I was so excited to go to my friend’s sweet sixteen celebration. She was the last of us to turn 16 and it was a momentous occasion. I could just imagine how cool the pirate-themed cake would look. However, my aunt died a few days before Morgan’s birthday on Halloween. We hardly ever go to weddings or family reunions, but my dad told us we were going to the funeral. I had never met her so I just could not understand why I had to go.
I objected. I wanted to go to the party but it was no use. My dad had made up his mind. We left Friday afternoon when school was out. As I walked out to the pick up area, I walked past my dad and brother. I didn’t recognize them because they were in a shiny red SUV.
Much to my displeasure, we went home and packed our things. We stopped at McDonald’s for dinner. My friend was working a Friday night shift at Mc Donald’s. She put on a goofy grin when she saw me and I ordered my favorite, a double cheeseburger and fries.
I thought about telling her I was about to leave for Chicago, Illinois, but I decided not to. Besides, I already told everyone I would miss the party. When I got back in the car, I struggled with the idea of missing the party for a funeral even though it was nice to leave town for awhile.
Another thing that was troubling me was that I had forgotten where I placed a two-hundred and fifty dollar manual camera for photography class. I felt apprehensive knowing that I was traveling and my camera was back at home waiting for me somewhere. Despite my worries and my internal struggle I decided to enjoy the scenery outside my window.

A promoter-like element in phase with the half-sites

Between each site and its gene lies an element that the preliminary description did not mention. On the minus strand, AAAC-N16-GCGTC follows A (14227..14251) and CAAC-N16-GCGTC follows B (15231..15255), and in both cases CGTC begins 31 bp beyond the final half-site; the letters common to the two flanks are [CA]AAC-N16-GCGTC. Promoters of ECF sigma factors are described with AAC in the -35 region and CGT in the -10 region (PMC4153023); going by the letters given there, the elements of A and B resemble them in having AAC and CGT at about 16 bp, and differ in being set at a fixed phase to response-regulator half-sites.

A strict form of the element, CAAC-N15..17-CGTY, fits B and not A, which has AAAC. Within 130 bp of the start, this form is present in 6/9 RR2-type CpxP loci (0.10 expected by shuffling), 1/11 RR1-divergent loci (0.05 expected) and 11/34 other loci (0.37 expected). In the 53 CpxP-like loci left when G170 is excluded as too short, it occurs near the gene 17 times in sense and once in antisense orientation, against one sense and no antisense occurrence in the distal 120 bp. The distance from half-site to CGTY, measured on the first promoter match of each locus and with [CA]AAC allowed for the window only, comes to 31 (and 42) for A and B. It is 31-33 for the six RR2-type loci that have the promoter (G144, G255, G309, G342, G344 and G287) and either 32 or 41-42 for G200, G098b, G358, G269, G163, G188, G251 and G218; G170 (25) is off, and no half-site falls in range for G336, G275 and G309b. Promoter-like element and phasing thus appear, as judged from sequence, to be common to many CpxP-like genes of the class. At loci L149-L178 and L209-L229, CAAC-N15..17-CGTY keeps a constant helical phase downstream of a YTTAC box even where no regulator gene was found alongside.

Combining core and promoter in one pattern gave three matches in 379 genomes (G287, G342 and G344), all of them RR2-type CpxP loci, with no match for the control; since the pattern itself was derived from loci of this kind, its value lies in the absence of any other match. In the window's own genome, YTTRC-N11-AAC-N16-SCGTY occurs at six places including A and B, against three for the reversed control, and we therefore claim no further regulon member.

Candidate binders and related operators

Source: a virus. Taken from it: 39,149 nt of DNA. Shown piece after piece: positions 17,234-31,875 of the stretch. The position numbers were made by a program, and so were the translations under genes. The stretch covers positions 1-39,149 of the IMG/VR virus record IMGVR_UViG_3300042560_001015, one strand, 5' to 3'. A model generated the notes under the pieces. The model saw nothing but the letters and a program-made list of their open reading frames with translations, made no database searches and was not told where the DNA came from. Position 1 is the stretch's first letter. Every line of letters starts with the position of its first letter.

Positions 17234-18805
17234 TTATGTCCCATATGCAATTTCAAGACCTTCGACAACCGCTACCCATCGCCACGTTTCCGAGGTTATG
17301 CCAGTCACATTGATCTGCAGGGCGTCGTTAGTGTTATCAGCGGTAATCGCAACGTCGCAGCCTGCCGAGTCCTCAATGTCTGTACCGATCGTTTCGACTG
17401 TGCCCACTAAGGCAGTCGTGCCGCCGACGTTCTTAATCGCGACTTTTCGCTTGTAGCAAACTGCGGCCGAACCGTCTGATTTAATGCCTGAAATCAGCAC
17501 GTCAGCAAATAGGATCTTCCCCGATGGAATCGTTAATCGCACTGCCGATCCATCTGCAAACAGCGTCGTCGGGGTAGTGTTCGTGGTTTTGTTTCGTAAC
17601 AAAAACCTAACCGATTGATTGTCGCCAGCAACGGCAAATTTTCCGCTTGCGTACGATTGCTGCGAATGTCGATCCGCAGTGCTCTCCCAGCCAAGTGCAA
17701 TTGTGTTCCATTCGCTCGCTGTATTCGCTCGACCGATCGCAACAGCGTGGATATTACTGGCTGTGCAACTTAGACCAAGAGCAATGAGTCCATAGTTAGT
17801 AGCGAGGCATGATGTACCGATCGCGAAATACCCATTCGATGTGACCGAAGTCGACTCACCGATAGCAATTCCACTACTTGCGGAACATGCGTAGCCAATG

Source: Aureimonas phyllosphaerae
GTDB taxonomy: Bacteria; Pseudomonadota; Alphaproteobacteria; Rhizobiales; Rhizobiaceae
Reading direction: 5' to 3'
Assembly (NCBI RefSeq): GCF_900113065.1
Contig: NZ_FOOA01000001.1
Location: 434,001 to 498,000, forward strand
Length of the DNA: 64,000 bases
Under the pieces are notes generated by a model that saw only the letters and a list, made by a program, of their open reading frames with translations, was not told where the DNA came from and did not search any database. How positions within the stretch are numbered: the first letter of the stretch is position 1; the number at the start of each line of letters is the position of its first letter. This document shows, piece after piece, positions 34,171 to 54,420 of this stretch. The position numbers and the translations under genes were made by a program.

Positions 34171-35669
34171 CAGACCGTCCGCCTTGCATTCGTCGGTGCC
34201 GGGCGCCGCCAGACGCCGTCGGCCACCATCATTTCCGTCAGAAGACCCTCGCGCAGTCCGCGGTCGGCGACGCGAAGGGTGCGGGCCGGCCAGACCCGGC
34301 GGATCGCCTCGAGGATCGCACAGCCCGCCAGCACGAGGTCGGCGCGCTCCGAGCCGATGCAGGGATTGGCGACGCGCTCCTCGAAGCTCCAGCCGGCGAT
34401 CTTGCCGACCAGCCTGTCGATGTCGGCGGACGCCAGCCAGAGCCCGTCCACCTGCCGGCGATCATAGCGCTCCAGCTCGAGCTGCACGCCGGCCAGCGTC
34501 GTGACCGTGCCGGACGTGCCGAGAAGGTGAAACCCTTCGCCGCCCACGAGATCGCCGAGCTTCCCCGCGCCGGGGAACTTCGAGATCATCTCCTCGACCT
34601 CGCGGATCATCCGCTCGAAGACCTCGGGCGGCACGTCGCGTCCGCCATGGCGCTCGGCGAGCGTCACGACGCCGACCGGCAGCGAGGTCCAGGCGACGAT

Most of what I saw was endless highway and road signs. I tried to stay awake as long as I could. When night fell I saw the outskirts of a city and a green sign that said ‘Hopkinsville.’ I wished my dad would have driven through the town located in Kentucky. I could see the street lights and restaurants that always adorn the entrance of cities. I was born there and I have not seen the town in six years. I don’t think I realized we were in Kentucky. It was so dark I couldn’t recognize the blue-green grass. It was ironic to go by the place you were born while going to the place where my dad was born. I saw the city of Nashville, illuminated at night.
I always enjoy seeing the city at night. To me it’s the best time to see the city. When I woke up that morning we were almost there. Seeing downtown Chicago for the first time was interesting. Marble building and overwhelmingly tall skyscrapers looked down on me as if they were saying, ‘Welcome.’
The first place we went was to the funeral. When I arrived, most of the family was already there. Even though I had never met my aunt, I felt sad at the funeral. What touched me was when someone got up and said that when one member of the family was hurt all of them were. I thought that was how family should be.
At the cemetery I saw the grave of my great grandmother. I read the tombstones of others, some died young, others old and I wondered what their lives were like. After the funeral I saw the place where my dad grew up. I saw the school he went to and the neighborhood he played in. I saw it all from the window of the red SUV.
On this trip I learned that looking back on the lives of people who have deeply affected others can be a sobering, moving, experience. When I saw my aunt she was lying in her coffin lifelessly. It taught me that time is precious and we should take advantage of it, but nothing is more precious than the human soul. I can only imagine what it would have been like to see her moving, breathing, and alive. Without the soul, the human body is just a lifeless form. I would have never learned that at a sweet sixteen party.
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